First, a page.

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Detroit — An October public hearing is set to gain public feedback on a propose ordinance aimed at regulating where and how medical marijuana centers can operate in Detroit.

The law, crafted by Councilman James Tate, was formally introduced Tuesday at the council’s formal session. The ordinance seeks to limit hours, impose inspection and licensing requirements and a ban on drive-thru windows, among other regulations. The proposal also calls for an amendment to the city’s zoning code to specify where the medical marijuana centers can locate. The council scheduled a public hearing on the plan for Oct. 12.

The effort is the city’s first to regulate the proliferation of marijuana dispensaries in Detroit. If approved, the new rules would apply to existing facilities as well as any future marijuana provisioning centers in the city.

The plan won’t set a cap on the number of facilities permitted. But all current dispensaries — at least 80 by some estimates — will be subject to the licensing process, as well as future shops. There will be no “grandfathering” of facilities, Tate says.

Some medical marijuana advocates have come out in support of the council’s proposal. Others complained that the process hasn’t been inclusive enough and that some of the terms, including a ban on drive-thru windows and the zoning plan, are too strict.

The proposed ordinance includes detailed licensing, inspection and operation hour requirements. It also institutes age and criminal history thresholds for applicants and proposed employees of the various centers.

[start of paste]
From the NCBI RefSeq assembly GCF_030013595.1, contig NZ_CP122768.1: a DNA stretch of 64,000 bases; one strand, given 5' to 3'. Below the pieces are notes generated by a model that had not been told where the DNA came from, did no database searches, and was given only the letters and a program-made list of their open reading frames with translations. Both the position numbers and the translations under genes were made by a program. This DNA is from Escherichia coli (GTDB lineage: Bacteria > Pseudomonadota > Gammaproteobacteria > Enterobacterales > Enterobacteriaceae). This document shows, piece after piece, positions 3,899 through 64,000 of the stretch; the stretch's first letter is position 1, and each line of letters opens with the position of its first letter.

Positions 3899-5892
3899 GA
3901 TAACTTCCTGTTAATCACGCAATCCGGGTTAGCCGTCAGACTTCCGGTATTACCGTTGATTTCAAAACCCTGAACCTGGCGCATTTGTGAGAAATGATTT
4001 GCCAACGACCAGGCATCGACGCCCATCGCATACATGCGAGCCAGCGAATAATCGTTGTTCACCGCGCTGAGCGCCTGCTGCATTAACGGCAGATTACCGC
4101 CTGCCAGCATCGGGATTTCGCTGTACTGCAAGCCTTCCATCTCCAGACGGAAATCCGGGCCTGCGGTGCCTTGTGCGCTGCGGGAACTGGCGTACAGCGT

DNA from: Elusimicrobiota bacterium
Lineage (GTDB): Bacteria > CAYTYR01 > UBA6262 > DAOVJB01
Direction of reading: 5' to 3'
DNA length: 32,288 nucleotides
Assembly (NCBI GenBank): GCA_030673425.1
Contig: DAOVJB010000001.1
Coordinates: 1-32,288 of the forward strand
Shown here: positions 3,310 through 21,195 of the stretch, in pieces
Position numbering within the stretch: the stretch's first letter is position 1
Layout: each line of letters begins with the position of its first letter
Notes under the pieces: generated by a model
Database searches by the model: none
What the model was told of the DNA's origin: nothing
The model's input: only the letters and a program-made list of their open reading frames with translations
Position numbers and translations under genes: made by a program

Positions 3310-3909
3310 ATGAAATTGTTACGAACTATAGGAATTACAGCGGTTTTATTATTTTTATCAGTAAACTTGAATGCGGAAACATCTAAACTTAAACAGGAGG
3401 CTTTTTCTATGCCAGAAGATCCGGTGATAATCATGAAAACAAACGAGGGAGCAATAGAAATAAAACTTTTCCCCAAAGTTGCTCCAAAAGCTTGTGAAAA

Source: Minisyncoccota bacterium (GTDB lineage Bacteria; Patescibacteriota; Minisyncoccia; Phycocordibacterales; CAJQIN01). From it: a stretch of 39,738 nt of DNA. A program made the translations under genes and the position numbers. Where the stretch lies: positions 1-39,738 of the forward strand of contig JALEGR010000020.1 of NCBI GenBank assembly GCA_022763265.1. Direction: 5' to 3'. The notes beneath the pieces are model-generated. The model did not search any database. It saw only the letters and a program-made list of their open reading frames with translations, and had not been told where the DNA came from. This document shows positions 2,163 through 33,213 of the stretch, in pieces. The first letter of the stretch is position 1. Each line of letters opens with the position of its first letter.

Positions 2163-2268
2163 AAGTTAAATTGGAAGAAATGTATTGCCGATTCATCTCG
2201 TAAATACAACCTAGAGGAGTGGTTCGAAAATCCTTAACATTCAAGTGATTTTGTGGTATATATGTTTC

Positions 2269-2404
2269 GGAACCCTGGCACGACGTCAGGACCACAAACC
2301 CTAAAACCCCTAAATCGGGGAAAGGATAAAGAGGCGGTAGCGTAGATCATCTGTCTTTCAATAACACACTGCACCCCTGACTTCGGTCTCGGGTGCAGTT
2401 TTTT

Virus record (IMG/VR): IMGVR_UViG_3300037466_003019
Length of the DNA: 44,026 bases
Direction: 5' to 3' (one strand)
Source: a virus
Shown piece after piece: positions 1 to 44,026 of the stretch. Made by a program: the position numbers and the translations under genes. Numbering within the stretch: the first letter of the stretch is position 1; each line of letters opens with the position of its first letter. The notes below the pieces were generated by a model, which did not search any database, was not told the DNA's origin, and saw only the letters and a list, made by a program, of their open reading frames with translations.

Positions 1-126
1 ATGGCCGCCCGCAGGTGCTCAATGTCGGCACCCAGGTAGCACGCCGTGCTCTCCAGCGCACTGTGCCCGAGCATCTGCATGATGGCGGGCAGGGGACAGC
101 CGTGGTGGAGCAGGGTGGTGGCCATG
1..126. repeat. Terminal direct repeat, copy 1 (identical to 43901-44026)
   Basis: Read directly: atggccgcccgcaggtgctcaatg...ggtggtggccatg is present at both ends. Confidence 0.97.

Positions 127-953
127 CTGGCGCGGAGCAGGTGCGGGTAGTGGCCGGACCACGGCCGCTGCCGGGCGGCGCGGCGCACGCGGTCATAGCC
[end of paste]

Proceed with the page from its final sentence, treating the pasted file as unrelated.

On-site marijuana use is also prohibited, and minors aren’t permitted unless they are a registered qualifying patient accompanied by a parent or legal guardian.

The city-based law advances Tuesday as the state of Michigan weighs new medical marijuana legislation. The House Judiciary Committee last week sent three new bills aimed at legalizing dispensaries and edible forms of cannabis for medical marijuana patients to the House floor for consideration.

The bills, containing tighter rules than in failed 2014 proposals and an 8-percent excise tax on gross retail income of provisioning centers, is a compromise plan designed to overcome law enforcement opposition.

A voter-approved medical marijuana law that took effect in 2008 doesn’t specifically mention dispensaries or edible marijuana products, whose legality has been clouded by Michigan Supreme Court and appeals court rulings in recent years. Lawmakers are working to pass legislation that will clarify the law.

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